"I": Videogame's Greatest Character
Thursday, June 5, 2008 at 9:38AM
Richard Terrell (KirbyKid) in Story

I have always felt that the best videogame stories/narrative experiences are the ones that the player contributes to in a meaningful way. In this case, meaningful means through the primary mechanic of the game. What the player does between the beginning and the end of a level (or even between cutscenes) isn't filler set aside from the story. What the player plays is the story, or at least a very important part of it.

I've come up with little test you can give to anyone to determine if the game controlled the story or if the player contributed to it. Ask someone to tell you what happened in any game they recently played. As they describe the events to you, be mindful of the language they use. If their retelling is composed of sentences that begin with "I" then they are relating the events of a journey they had control over. If the sentences between with names like "Snake," "Cloud," or "Charizard" then the teller is acknowledging that there are parts of the game they felt that they had no control over.

Because videogames are an interactive medium, I greatly favor the story of "I" over the story of "insert main character here." I want to know how the player interacted with the world, characters, and story. I'm interested in how the player changes the game and how the game changes the player. When the player is merely a static liaison between cut scenes, or a silent chauffeur obediently carting the characters along until their next esoteric conversation, how can we continue to hold these games up as the best examples of videogame storytelling?

When I recount play sessions with Super Mario Brothers, I use "I" to describe all of Mario's actions. I do this because in this game, Mario does very little on his own. I grabbed the powerup. I squashed the goomba. I saved the princess. When such a close connection between myself and the story/ actions in the game exists, personal feelings and thoughts are that much easier to interject. When I tell stories about playing Super Mario Brothers, I talk about how I had to size-up the Hammer Bros by walking right up in their face. I talk about staring down Bowser tense with anticipation as he stands in between me and victory. I talk about how comboing jumps off the backs of Koopas and Goombas while moving as quickly as possible through a level feels like flying. I talk about how the level tried to trick me by putting a hidden item box right where I was trying to make a tricky jump. The conversation between me and the game that makes up my play experience is really a conversation with myself.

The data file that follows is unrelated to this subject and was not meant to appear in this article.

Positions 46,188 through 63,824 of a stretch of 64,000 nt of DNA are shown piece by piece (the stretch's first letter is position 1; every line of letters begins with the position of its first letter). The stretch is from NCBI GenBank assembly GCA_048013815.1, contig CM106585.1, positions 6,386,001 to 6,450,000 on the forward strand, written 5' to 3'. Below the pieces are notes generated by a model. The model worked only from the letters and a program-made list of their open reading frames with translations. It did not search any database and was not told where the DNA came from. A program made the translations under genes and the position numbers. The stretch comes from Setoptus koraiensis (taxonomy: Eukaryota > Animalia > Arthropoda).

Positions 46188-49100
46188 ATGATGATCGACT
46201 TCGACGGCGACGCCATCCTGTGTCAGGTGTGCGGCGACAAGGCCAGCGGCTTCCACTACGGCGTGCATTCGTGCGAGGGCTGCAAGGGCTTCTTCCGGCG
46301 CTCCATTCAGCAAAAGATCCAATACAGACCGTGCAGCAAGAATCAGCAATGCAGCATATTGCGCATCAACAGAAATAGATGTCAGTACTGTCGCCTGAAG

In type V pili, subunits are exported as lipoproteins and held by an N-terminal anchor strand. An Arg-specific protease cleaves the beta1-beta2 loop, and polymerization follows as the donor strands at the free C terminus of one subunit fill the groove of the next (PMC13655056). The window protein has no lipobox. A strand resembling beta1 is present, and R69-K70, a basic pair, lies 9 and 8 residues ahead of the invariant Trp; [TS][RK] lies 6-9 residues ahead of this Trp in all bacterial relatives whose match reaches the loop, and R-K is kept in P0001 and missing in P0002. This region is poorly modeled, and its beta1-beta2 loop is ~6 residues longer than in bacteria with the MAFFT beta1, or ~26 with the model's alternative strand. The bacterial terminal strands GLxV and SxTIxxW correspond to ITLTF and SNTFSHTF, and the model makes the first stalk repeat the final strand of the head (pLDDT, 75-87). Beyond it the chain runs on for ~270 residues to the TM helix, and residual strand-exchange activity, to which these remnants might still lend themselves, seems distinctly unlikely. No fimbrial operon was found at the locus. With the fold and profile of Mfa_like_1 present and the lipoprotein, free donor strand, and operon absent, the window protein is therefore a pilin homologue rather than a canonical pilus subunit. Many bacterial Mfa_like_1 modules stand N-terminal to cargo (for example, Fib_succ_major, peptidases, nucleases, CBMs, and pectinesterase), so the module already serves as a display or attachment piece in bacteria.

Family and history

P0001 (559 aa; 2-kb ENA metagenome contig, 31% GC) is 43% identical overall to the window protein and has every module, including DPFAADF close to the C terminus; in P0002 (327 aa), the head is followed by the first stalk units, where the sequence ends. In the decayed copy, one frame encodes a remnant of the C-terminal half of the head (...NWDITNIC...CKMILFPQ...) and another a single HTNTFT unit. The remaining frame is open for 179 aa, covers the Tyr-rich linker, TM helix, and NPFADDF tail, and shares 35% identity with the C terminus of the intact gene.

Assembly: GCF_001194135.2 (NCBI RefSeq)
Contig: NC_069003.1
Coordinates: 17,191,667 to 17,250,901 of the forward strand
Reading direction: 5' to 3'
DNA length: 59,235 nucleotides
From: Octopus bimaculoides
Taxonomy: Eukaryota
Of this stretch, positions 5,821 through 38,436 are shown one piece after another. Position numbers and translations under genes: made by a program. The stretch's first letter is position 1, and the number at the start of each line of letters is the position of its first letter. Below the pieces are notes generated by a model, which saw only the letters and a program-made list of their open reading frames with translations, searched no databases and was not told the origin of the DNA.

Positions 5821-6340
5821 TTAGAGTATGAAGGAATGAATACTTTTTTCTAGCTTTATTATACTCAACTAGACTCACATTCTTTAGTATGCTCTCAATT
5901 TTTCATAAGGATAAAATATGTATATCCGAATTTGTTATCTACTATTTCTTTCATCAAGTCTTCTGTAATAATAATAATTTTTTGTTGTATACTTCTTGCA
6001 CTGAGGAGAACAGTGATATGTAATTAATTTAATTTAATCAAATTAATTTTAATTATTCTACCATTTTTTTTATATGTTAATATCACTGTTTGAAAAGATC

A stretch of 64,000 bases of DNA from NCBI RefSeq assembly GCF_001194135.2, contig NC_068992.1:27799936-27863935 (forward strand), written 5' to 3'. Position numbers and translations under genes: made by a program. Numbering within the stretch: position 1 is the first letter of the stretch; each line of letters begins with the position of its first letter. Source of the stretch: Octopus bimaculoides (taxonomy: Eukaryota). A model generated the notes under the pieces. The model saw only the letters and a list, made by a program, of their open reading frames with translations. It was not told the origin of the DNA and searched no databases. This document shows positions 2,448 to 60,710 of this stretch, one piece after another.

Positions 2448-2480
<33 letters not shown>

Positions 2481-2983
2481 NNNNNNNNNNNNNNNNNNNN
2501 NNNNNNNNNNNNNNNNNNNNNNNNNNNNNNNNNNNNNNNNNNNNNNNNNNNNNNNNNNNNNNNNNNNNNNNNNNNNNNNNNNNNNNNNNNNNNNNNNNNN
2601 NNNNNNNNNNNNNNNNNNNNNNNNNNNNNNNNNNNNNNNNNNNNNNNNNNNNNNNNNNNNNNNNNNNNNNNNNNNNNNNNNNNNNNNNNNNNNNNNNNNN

If videogames are to continue to be mediums of self expression, then we must acknowledge the self. With Drebin#1#2 I attempted to design a space where the player can have themselves reflected back to them. There's something about the doing, the action, the mechanic that holds a truth inside the present moments. Don't just take my word for it. Here's are some quotes from Musashi's Book of Five Rings. I believe these words resonate with Drebin#1#2.



The "spirit of the thing" is what will guide a man to his own greatness.

...only when the "spirit of the thing itself" feels comfortable with the warrior as a vehicle for its own expression.

It is very hard to explain these ideas in detail because of their intuitive nature. Once you have understood the depth of the thing you are studying, the "spirit" of all things will reveal itself to you.

When you understand yourself and you understand the enemy you cannot be defeated.

Whether on or off the battlefield, there is no difference in spirit. The warrior sees all of life as the battlefield.

Think about being seen only by yourself and not through the eyes of others.


Article originally appeared on Critical-Gaming Network (http://critical-gaming.com/).
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